What’s the difference between [v] たとしても and just the plain ても? Example:
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The difference between these two hinges on whether or not the action has been completed at the time the statement was made:
This could be taken in one of two ways:
Even if you (I) read the instructions, it will [still] be hard to understand.
Even after reading the instructions, it is [still] hard to understand.
So with the ～ても form in this sentence, the action (読む) may have already taken place, or it may be a hypothetical action to take place in the future.
By contrast, the ～としても pattern always refers to a hypothetical situation which may or may not take place in the future. As such, the translation "even supposing you were to [action]" often works well for ～たとしても:
Note that while both ～ても and ～たとしても can both express hypothetical cases, ～ても better matches a "even if … will" pattern, while ～たとしても better matches a "even supposing … would" pattern in English.
I may be wrong about that, but I think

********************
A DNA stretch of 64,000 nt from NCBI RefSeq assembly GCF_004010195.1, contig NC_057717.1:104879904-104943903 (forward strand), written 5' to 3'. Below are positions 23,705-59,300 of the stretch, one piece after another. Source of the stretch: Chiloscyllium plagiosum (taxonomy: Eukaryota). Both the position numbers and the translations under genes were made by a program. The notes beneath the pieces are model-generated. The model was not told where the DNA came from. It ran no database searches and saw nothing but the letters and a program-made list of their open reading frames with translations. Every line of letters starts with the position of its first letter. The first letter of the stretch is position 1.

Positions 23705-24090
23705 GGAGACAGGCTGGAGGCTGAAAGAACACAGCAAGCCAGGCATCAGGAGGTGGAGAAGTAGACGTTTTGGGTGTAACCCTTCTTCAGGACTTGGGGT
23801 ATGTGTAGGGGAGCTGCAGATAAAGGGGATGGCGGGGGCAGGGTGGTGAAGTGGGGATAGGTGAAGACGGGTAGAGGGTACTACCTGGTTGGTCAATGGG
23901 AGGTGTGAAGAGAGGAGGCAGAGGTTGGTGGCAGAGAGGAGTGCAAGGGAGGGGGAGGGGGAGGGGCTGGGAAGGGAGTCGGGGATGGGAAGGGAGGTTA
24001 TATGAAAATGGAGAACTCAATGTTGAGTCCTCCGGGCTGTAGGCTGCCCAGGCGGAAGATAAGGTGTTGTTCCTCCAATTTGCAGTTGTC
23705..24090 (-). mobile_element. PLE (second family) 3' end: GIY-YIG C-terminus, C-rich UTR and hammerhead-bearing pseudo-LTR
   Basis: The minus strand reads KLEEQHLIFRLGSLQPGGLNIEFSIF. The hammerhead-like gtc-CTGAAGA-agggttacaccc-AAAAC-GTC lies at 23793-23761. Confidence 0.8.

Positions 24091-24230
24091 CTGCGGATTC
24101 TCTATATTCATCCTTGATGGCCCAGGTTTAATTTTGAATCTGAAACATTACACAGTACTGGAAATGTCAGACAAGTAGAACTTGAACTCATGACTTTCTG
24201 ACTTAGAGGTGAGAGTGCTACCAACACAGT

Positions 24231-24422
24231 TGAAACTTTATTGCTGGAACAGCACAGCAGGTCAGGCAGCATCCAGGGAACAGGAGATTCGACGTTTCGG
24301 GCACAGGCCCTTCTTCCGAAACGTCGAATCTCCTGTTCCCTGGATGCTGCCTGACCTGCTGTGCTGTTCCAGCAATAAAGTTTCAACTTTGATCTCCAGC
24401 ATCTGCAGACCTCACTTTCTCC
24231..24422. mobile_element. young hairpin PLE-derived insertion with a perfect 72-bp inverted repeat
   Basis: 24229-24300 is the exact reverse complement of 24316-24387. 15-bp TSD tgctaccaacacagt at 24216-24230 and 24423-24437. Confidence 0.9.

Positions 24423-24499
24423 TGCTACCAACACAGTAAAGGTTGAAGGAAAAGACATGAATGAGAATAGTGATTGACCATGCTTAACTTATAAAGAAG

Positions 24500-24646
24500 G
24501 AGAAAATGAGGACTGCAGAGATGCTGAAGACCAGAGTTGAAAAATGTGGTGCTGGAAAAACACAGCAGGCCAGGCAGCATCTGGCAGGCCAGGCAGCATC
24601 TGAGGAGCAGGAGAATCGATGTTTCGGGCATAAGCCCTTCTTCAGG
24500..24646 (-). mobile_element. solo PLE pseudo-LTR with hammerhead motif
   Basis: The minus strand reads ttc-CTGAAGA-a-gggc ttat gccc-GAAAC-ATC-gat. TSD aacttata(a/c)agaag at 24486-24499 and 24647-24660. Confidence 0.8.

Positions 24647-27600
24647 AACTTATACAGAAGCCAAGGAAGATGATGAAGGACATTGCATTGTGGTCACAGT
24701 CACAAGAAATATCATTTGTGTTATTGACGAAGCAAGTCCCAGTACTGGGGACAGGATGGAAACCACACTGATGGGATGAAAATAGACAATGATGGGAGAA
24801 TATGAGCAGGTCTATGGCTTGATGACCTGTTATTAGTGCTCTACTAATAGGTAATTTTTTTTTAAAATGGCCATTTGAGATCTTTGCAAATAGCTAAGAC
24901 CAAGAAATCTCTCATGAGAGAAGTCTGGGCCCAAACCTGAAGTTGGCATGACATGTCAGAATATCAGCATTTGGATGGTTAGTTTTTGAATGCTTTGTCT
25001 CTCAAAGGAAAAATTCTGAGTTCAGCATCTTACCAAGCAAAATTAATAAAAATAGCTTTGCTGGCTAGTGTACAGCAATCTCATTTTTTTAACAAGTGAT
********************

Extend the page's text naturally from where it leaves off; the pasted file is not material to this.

(た-Form)としても has an extra sense of supposition, while
～ても has a much more 'real' feeling (in the sense of realis).
I'll take YOU's examples, which I understand (and would translate) quite differently. In the most literal sense, they spell to me as:
Reading the instructions, this is still hard to understand.
Supposing one reads the instructions - this is still hard to understand.
There's actually no focal (emphasizing) "even" in either of the sentences in Japanese. If you want to emphasize that that reading the instructions was supposed to help but didn't really help you, you can use たとえ:
Even though I read the instructions... Even if one reads the instructions...
Even if I - let's say - read the instructions...
Since I've moved to a less literal translation here you can notice something else: (1) easily translates to both a simple concessive statement (although X happens, Y happens too) and a concessive condition (even if X happens, Y will also happen). When we get to (2) on the other hand, it can only be a condition - that's is because
～たとしても is a supposition so it can only be used to describe hypothetical situations, not something that actually happens now or has happened before.